Monash research that fuses human brain cells with AI secures national defence funding

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A Monash University-led research into growing human brain cells onto silicon chips, with new continual learning capabilities to transform machine learning, has been awarded almost AUD 600,000 under the National Intelligence and Security Discovery Research Grants Program.

The new research program, run by Associate Professor Adeel Razi, from the Turner Institute for Brain and Mental Health, in collaboration with Melbourne start-up Cortical Labs, involves growing around 800,000 brain cells living in a dish, which are then “taught” to perform goal-directed tasks.

The team’s discovery last year garnered widespread notice for the brain cells’ capacity to play the simple computer game Pong, which is similar to tennis.

The associate professor explained that the research project’s work using lab-grown cells embedded in silicon chips, “merges the fields of artificial intelligence and synthetic biology to create programmable biological computing platforms.”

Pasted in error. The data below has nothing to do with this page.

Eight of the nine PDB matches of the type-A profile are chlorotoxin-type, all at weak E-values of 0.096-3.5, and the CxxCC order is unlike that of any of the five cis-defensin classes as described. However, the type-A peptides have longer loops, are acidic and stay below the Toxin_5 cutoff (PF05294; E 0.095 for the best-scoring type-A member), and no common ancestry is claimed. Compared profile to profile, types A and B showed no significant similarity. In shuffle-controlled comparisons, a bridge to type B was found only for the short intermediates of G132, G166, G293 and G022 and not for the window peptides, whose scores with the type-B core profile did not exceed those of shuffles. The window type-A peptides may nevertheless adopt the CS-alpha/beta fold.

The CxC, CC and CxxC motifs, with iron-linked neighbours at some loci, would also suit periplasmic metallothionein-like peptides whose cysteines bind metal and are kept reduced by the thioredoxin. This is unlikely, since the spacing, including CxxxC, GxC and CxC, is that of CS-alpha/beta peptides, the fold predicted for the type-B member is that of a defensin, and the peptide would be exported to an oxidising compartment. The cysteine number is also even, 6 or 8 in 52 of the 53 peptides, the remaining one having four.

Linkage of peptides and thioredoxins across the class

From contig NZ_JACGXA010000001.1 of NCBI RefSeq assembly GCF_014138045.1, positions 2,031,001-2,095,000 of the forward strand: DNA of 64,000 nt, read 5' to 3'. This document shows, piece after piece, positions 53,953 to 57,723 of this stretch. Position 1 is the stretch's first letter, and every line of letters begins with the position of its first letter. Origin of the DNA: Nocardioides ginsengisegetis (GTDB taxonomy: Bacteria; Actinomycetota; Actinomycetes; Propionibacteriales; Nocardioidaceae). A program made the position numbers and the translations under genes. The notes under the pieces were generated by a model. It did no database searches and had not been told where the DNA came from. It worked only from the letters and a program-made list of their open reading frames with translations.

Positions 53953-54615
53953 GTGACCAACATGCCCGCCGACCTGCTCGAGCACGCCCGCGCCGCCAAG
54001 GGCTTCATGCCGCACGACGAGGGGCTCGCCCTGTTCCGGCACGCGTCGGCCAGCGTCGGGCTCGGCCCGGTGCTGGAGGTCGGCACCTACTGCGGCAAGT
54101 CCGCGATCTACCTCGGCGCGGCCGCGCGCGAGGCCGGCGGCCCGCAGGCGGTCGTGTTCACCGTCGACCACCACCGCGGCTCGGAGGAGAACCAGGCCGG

“This new technology capability in future may eventually surpass the performance of existing, purely silicon-based hardware,” he said.

Razi added, “The outcomes of such research would have significant implications across multiple fields such as, but not limited to, planning, robotics, advanced automation, brain-machine interfaces, and drug discovery, giving Australia a significant strategic advantage.”

The professor also highlighted why the project was funded by the Australian grant body, owing it to the next generation of machine learning applications, such as self-driving cars and trucks, autonomous drones, delivery robots, as well as intelligent handheld and wearable devices. 

He said that these new technologies “will require a new type of machine intelligence that is able to learn throughout its lifetime,” which means machines can acquire new skills without compromising old ones, adapt to changes, and apply previously learned knowledge to new tasks – all while conserving limited resources such as computing power, memory, and energy.

The research’s aim is to grow human brain cells in a laboratory dish, dubbed the DishBrain system, to understand the different biological mechanisms that underlie lifelong continual learning.

“We will be using this grant to develop better AI machines that replicate the learning capacity of these biological neural networks. This will help us scale up the hardware and methods capacity to the point where they become a viable replacement for in silico computing,“ Associate Professor Razi concluded.